Photo by Owen Dunn (22 May 2007). The copyright holder of this work allows anyone to use it for any purpose including unrestricted redistribution, commercial use, and modification.
Parkstone opened for business on the 15 June 1874 and closed to freight on 20 September 1965 - the goods yard has since become a residential housing area. In days gone by, the platform signs read "Parkstone for Sandbanks" due to its proximity to that now playground of the rich and famous. Until the 1960s, a goods line ran to George Jennings' South Western Pottery and originally continued on to Salterns Pier on the North shore of Poole Harbour.
At one time, not only was the Station Master's house in use but there was also a W.H. Smith bookstall. The down side provided a rather handsome wooden shelter and a gents' toilet whilst both platforms sported a beautiful canopy. Today, the wooden shelter has gone along with the 'down' canopy, replaced by a cold ugly metal 'bus shelter' type structure.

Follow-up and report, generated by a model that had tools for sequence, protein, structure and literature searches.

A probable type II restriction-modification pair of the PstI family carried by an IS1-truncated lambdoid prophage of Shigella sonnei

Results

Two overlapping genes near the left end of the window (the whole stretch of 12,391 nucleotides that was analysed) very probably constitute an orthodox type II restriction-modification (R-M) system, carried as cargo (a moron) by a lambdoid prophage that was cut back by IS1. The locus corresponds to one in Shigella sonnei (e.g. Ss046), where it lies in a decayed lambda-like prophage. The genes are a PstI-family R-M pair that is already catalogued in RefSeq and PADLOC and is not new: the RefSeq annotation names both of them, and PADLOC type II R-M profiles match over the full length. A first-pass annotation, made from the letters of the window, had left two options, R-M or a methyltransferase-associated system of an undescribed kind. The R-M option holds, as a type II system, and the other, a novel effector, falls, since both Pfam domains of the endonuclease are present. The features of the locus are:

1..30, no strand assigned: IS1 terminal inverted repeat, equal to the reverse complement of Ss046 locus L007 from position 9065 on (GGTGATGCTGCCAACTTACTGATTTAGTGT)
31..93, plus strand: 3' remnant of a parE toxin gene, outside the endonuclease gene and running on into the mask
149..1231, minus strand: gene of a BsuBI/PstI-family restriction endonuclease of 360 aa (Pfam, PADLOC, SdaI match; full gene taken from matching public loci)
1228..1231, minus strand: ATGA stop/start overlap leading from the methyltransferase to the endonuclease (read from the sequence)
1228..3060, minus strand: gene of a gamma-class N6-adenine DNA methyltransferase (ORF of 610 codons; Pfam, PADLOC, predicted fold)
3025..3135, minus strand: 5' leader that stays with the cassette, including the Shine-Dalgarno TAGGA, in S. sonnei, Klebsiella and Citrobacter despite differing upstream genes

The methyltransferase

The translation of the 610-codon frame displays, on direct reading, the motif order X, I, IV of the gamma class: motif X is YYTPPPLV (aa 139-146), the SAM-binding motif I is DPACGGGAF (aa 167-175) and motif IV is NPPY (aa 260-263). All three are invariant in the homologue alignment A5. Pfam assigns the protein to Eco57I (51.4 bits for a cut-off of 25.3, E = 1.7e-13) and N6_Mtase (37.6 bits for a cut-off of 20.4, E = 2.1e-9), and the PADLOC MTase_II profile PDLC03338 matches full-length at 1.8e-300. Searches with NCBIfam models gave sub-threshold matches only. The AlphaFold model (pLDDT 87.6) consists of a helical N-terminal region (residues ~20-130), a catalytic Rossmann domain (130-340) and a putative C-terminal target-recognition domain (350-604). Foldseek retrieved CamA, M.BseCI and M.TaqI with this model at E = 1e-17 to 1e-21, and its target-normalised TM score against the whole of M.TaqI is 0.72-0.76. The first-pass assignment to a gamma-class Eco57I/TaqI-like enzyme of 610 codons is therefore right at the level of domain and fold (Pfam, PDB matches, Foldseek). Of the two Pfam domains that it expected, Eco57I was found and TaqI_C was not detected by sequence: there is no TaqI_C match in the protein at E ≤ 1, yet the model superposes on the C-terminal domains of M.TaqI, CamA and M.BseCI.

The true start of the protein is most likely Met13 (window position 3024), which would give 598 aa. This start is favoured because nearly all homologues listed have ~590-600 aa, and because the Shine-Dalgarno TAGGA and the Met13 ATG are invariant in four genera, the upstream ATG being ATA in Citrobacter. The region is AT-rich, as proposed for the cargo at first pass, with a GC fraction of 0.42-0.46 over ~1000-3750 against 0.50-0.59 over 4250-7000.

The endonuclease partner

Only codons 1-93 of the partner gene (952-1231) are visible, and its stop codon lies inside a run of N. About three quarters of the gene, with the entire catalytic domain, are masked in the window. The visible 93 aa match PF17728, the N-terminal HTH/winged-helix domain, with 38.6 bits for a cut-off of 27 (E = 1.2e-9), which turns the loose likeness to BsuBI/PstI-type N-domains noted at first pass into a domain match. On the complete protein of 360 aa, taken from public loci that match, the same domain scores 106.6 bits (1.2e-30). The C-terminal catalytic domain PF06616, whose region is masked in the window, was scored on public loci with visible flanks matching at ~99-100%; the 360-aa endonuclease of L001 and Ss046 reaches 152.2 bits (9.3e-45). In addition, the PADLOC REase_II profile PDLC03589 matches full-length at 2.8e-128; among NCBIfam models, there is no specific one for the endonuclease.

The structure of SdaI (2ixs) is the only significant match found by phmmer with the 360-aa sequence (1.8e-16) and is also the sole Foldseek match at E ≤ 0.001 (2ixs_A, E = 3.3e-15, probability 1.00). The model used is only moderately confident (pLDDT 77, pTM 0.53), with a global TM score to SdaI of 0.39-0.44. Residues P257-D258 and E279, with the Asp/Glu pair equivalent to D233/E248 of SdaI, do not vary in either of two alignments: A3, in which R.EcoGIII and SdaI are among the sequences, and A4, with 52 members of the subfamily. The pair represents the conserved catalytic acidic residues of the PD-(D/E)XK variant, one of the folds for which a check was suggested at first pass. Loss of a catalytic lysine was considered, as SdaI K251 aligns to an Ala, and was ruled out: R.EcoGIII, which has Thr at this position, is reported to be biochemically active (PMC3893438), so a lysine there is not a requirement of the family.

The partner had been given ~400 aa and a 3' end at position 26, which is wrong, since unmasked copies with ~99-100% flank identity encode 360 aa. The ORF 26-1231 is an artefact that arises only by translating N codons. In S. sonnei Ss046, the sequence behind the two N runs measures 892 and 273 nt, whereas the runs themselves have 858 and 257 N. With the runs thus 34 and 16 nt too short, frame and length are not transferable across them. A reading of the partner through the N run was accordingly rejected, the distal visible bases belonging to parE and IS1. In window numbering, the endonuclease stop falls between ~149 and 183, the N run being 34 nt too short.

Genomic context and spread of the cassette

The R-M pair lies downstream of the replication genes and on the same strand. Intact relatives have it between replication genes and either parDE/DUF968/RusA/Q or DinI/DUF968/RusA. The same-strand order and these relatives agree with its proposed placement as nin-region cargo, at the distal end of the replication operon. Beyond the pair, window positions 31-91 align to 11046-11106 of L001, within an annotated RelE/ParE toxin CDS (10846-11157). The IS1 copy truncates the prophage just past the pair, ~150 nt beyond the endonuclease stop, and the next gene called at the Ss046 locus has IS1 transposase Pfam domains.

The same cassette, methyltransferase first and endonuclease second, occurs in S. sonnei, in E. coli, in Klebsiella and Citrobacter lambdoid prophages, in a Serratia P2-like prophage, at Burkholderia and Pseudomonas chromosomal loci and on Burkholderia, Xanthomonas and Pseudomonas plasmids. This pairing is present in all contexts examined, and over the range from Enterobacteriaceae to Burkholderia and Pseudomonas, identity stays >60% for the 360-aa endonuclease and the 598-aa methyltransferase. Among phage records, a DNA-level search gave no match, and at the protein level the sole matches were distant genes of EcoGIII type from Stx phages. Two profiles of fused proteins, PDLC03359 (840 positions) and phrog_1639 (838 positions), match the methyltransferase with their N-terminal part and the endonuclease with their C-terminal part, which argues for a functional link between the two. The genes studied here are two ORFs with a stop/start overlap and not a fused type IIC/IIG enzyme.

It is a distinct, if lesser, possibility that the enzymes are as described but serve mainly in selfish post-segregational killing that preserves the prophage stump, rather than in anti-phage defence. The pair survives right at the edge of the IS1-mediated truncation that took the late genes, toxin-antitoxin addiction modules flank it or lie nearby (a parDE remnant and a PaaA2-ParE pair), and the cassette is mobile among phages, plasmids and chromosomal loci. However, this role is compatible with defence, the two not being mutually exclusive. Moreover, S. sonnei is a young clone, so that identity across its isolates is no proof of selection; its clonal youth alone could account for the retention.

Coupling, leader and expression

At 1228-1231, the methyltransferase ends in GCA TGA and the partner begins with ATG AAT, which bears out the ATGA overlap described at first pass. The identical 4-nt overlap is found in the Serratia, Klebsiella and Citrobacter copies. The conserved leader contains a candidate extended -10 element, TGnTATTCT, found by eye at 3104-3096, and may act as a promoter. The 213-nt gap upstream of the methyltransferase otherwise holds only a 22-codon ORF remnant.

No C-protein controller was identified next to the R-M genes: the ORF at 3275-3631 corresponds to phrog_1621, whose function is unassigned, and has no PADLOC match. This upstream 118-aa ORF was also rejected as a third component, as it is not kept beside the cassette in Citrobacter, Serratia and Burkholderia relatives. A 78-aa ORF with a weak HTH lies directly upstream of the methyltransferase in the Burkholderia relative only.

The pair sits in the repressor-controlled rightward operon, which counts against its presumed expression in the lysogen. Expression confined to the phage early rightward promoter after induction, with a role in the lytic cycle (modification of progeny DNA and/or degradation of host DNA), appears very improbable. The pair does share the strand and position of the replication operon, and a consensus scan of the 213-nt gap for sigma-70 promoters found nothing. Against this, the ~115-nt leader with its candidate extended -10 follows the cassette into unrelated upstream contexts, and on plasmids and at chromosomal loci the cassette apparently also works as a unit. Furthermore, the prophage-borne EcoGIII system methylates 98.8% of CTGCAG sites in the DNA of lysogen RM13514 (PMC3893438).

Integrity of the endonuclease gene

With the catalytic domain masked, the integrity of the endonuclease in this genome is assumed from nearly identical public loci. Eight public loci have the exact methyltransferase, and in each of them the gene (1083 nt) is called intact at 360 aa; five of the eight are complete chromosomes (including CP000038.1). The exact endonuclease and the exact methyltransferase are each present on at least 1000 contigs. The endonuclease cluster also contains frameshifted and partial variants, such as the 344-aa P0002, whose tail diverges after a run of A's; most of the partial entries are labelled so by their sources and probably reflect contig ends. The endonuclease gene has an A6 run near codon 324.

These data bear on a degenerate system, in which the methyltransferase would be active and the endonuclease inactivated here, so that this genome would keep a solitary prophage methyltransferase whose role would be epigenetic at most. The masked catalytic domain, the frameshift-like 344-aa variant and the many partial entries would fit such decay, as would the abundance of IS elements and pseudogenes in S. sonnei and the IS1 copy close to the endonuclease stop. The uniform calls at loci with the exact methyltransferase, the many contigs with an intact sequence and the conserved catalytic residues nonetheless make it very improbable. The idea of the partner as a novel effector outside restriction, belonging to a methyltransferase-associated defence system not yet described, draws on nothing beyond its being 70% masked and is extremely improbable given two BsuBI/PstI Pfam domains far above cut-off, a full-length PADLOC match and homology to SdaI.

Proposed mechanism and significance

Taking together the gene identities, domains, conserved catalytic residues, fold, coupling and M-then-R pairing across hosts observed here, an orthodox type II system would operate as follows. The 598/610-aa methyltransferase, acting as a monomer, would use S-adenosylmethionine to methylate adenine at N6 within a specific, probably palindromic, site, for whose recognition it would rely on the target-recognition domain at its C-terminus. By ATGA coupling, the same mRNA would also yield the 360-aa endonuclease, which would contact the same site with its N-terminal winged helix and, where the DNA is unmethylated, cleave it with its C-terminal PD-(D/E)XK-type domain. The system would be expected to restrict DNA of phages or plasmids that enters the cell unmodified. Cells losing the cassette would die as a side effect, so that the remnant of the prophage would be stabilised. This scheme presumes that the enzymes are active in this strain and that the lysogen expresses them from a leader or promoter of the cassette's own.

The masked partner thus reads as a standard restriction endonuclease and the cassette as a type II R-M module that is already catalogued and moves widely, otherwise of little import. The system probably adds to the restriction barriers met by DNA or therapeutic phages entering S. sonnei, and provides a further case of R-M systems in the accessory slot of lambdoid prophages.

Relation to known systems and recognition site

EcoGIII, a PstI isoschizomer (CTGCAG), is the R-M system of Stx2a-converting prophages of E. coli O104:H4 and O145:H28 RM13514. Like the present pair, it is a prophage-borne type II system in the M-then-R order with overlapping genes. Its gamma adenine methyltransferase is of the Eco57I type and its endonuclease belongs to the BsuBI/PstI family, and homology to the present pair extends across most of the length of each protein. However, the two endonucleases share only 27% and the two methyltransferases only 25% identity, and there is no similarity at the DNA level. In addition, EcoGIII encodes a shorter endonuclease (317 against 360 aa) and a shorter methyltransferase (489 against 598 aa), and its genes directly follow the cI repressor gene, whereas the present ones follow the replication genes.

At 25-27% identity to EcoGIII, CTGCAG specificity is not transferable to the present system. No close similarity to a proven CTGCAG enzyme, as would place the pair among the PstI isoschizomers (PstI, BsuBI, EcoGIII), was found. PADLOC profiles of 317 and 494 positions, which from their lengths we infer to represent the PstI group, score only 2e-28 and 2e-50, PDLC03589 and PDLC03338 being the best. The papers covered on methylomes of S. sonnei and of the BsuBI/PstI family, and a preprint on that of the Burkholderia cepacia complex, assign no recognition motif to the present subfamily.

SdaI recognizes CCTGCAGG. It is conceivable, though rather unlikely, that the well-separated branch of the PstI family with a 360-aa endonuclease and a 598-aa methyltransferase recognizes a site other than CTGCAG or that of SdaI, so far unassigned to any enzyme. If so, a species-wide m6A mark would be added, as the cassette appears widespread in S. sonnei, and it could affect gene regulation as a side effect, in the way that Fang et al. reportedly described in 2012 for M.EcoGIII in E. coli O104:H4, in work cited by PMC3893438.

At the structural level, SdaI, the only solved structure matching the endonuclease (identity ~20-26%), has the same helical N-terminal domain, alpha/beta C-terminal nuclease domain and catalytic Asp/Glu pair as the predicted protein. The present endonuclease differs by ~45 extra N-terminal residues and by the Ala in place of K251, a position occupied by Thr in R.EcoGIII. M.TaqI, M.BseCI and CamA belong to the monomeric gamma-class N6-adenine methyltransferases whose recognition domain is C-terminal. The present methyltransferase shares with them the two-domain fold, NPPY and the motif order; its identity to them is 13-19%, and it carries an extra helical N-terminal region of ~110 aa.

The footbridge has changed a bit over the years too. Originally erected in 1888, it featured full glazing and was covered over; come the 1950s, it became open air and away went the glazing too. Today it remains and when you climb the steps from the up platform, the hand rails are still painted green.
Parkstone is one of the few stations in the area that has a great photographic display in the waiting room showing how the station was in years gone by and the wonderful trains that came through. You can pop in and have a look but only during the week until 10am - well worth it.
Parkstone is on the main Waterloo to Weymouth main line.
Parkstone will have a role to play in the future when it is a stop on the way to Bournemouth West once more.